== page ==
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There was a day, during our undergrad days, a female coursemate confided in me the quarrel she had with her husband. She's not Hausa by birth and, to an extent, by upbringing. She's only Hausa by naturalisation. Being that hybridised, if you like, made her thinks rather differently from a typical Hausa woman. The dispute was about cooking. She asked him if there was any "written" law that mandated her to cook every day for him. He couldn't bring out any. It took me some effor ... t to convince her to think otherwise, and I succeeded.
In an ideal Hausa household, the wife cooks for everyone in the house. This is her PRIMARY duty; everything else comes second. Perhaps that was why my coursemate's husband found her challenge so weird, a kind of unheard of and disrespecting. Thank God he did not divorce her as would have been the case with some rash husbands. Most of us do not take the women's constant effort to cook our food worthy of any appreciation. We just believe, without saying though, that she's discharging her duty the same way we do ours - bringing the raw food home. Some will not bring anything, not a single grain, home but they expect the women to do "dabarar mata", women's trick, to cook something. romantic boho wedding garments hippie style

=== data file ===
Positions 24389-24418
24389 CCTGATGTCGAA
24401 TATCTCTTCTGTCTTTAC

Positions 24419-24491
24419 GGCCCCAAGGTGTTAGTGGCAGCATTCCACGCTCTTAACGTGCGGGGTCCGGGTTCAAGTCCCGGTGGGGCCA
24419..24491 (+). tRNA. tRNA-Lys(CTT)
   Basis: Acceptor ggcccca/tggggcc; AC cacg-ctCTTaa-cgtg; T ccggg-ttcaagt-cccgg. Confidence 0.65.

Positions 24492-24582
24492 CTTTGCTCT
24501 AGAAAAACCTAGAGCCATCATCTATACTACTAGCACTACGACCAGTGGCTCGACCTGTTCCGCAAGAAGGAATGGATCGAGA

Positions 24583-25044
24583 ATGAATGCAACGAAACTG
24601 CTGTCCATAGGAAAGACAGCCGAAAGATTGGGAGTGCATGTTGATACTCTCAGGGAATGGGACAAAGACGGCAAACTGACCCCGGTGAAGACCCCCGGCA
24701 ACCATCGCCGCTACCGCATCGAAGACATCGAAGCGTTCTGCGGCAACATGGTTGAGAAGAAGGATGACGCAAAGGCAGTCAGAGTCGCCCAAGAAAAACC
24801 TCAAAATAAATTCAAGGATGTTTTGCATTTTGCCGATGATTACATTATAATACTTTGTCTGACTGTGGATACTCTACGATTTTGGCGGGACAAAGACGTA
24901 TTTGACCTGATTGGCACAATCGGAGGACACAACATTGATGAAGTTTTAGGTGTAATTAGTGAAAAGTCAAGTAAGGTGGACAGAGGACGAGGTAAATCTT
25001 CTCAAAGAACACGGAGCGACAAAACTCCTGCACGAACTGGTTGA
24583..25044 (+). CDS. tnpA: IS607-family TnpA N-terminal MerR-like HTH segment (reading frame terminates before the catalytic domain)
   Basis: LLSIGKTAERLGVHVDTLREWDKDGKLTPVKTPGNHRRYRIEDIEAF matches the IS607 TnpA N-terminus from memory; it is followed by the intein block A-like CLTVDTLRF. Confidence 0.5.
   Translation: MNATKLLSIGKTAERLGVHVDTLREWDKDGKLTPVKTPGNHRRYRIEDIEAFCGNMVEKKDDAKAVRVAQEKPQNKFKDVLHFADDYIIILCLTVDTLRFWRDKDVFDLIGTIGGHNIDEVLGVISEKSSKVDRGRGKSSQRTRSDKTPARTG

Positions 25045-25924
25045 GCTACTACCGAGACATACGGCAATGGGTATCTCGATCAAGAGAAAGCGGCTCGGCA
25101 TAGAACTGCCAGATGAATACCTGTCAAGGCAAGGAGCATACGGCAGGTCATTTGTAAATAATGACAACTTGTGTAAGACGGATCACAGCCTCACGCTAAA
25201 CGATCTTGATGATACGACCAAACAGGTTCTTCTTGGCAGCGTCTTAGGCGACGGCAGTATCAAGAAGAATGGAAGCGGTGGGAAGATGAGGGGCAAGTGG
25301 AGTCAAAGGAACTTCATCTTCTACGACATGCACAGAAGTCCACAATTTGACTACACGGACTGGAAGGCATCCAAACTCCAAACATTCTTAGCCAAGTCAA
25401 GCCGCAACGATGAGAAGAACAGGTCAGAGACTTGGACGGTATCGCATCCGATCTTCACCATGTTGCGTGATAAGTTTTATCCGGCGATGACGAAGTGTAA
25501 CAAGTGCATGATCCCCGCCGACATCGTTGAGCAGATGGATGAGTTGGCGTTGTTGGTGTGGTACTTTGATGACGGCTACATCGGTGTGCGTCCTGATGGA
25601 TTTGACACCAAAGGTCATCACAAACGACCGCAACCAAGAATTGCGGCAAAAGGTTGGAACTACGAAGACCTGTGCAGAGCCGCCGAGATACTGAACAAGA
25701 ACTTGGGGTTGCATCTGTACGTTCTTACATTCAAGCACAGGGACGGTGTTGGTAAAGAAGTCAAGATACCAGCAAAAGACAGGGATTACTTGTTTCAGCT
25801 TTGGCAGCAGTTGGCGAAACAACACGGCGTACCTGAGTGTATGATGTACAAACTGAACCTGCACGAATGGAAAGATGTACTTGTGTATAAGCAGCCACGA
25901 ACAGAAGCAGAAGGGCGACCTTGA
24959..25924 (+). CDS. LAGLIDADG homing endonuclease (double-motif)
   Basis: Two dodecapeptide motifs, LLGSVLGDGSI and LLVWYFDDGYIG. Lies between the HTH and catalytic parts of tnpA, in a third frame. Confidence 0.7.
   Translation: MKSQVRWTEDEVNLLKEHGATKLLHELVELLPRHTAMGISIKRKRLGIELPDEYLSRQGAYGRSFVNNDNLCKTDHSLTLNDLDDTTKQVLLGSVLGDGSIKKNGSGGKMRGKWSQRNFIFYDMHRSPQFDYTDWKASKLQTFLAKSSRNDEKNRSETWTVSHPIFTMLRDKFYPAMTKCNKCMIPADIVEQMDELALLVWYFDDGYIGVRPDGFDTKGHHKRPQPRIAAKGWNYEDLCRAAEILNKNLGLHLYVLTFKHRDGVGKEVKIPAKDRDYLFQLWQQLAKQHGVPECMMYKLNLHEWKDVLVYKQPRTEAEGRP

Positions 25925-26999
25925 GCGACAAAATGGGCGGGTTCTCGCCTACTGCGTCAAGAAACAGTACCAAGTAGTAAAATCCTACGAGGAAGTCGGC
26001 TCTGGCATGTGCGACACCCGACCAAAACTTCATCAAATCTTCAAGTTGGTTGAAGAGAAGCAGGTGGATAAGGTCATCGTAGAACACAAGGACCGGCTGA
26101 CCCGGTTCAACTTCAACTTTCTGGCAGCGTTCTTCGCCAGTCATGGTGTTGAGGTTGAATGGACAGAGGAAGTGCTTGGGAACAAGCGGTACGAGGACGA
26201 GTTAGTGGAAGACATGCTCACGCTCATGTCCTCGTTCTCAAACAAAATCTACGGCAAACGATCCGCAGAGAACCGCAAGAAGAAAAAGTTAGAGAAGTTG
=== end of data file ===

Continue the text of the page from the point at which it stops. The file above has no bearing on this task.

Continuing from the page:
Reflecting on some of these ugly truths about our setting makes me recall the words of our controversial emir, Muhammadu Sanusi II, that we are not romantic. I have since concluded that it's not in our pristine culture to take out our family to eat outside at a restaurant or something like this. Sai 'yan boko, right? We equally barely excuse any delay, even during Ramadan, by them. They fast the same way we do. Etc.
I am not exonerating myself, hence the use of "we", "we" in the above paragraphs. I may or may not be like one or other kinds of husband described. Whatever and however I am, my present living circumstance is every day teaching me a lesson. Besides many other things I miss of my dear wife, her cooking is among the top on the list. I have now (re)discovered the much our women do, day in day out, in our kitchens. Wallahi, yes I swear, it's not easy cooking. You have to weigh and gauge and wash and peel and grind and this and that and then cook. Haba! Our women are expert chemists. # Salute .See More